If an overprivileged trust fund frat boy became a superhero and recruited the foreign exchange Asian student that he paid to do his homework the result would be The Green Hornet.
Like many movies in Hollywood, Hornet has been playing a game of “Mother May I?” since the ’90s. High wattage celebs like George Clooney, Mark Wahlberg, and Jake Gyllenhaal were going to don the mask of the time-honored vigilante of 1930s radio show fame. Directors like Kevin Smith and Stephen Chow were going to direct, but then backed out (Chow would have been cool, right?). And even Nicolas Cage was attached to the project as the villain, but, like everyone else, he dropped out.
Was it worth the wait? Was it worth all the red light/green light fun?
Director Michel Gondry takes his trippy Eternal Sunshine of the Spotless Mind aesthetic and applies it to a comedic vigilante — not superhero — movie. Funny boy and Apatow staple, Seth Rogen steps into the role of Britt Reid (who later becomes The Green Hornet) who inherits his father’s newspaper after his untimely death. And in his own special way, he avenges his father’s death by causing vigilant havoc on the streets of L.A. with the help of the family “valet” Kato (Tawainese pop sensation Jay Chou), a technological handyman who has a way with sophisticated weaponry (i.e. the awesome Black Beauty) and latte art.
If you add a couple of explosions, a villain (Christoph Waltz), female eye candy for the fanboys (Cameron Diaz), a semi-decent plot and some trademark Rogen humor, then you got yourself a fun time at the movies.
Here are a couple of other things that you should take note of when watching this vigilante extravaganza:
- Gratuitous 3-D Action Sequences: Kato (once a role filled by the legendary Bruce Lee) kicks some major ass in the movie. Some scenes are enhanced with double/triple visioned effects that would probably look really groovy if you were high.
- All About Christoph Waltz: The Academy Award winner is a barrel of fun as he plays the over-the-top, leisure suited bad man, Chudnofsky. It’s like his character in Inglorious Basterds without any of that Nazi stuff involved.
- Edward Furlong: Was I imagining things?! Is it the ’90s?! Our favorite Terminator rebel makes a cameo. I am just glad he is working — even if he is broke and recently got areested. I just have a feeling of a Gen X actor resurgence.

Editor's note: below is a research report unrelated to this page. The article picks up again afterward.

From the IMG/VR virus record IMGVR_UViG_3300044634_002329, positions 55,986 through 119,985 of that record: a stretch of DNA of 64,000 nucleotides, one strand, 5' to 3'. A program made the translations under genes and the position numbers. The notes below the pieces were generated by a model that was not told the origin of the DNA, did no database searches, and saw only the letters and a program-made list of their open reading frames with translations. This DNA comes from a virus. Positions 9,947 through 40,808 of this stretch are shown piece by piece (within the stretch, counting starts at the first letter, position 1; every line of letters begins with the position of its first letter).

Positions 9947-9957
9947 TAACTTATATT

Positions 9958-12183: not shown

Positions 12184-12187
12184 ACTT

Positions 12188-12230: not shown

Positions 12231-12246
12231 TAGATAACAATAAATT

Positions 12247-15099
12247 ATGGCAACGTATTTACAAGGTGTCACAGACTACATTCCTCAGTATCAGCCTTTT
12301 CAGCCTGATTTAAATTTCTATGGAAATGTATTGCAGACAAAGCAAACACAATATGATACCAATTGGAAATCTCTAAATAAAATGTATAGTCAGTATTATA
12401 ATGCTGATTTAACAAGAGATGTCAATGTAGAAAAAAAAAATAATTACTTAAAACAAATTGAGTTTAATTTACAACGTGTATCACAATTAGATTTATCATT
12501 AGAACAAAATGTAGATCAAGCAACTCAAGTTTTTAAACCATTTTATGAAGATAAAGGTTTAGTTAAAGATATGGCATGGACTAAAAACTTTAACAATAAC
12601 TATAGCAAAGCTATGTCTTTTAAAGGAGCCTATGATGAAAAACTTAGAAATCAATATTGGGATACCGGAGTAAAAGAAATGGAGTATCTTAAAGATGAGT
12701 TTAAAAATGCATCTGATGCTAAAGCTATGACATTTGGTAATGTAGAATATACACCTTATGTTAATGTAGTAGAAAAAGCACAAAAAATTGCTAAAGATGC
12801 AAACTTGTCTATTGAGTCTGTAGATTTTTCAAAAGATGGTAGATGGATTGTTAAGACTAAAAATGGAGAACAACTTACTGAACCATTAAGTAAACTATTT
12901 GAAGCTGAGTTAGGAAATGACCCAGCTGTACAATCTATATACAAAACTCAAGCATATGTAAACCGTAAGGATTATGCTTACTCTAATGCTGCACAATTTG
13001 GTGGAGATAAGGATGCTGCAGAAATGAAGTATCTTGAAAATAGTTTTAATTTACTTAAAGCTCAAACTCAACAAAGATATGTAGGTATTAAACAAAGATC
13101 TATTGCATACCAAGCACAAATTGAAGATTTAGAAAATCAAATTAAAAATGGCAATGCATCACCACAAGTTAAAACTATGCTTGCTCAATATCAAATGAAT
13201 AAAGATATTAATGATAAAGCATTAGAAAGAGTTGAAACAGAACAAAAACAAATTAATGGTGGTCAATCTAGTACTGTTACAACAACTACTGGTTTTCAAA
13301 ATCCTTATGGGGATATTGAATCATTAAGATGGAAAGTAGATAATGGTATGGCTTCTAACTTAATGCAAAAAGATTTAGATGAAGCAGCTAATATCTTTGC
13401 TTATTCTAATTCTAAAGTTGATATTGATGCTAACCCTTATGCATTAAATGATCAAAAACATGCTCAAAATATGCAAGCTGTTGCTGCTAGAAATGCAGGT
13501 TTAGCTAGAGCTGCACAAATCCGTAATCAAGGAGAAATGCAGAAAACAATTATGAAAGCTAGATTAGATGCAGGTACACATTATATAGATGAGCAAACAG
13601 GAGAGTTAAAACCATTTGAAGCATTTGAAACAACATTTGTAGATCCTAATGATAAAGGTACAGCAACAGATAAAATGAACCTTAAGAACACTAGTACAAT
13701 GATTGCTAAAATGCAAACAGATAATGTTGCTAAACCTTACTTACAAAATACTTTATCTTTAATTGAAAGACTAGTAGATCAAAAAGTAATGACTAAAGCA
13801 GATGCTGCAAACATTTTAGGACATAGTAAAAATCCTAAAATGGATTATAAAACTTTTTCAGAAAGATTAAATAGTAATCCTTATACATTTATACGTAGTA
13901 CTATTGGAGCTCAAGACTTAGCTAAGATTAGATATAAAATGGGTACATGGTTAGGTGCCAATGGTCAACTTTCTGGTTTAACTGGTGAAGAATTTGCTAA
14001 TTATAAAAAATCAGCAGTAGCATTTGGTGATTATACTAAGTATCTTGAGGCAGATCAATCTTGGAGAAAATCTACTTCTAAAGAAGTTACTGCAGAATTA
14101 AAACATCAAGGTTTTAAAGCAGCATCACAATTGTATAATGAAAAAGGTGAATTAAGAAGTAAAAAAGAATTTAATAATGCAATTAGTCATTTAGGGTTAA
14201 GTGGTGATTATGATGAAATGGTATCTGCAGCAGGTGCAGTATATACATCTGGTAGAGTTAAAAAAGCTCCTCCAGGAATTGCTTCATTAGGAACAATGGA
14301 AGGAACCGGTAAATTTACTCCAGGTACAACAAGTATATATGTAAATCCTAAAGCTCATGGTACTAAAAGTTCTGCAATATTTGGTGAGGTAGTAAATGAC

- Spoiler alert: James Franco makes an appearance in the movie, exchanging some awesome fighting words with Waltz. You can’t miss it. It’s near the beginning.
- Get ready for a Chou-vasion: Defying the doormat stereotypes of Asian “help,” Kato stands his ground against Britt and develops an endearing bromance with him. He is anything but a sidekick — and he is very vocal about it. Asian import Jay Chou also holds his own (or as much as he can) throughout the entire movie, showing that he isn’t just a side dish. Can we expect to see more gratuitous use of Chou’s martial arts skills in future American movies? I think so!
- Cameron Diaz: Thankless role, but tolerable. Plus, there is a scene with her in a skimpy pair of boy shorts.
- Decent use of a Coolio song: It’s kind of cliche, but the scene where Britt and Kato are in Black Beauty doing a rousing rendition of “Gangsta’s Paradise” was actually kind of entertaining.
- Seth Rogen: Normally seen as a pot-bellied pothead or formulaic slacker with a heart of gold, Rogen makes this role work. I just can’t imagine anyone else in this movie. On second thought, I can see other guys as the Hornet, but considering Rogen co-wrote the movie — it all gels together. Plus, I just like the guy.
- Original theme song still works: The use of the original Green Hornet TV theme song was a nice touch — but many of you might recognize it from Kill Bill.
- A potential sequel? Critics are going to pan this movie, but it was just pure enjoyment. A sequel would be ideal — just as long as I get to drive Black Beauty again.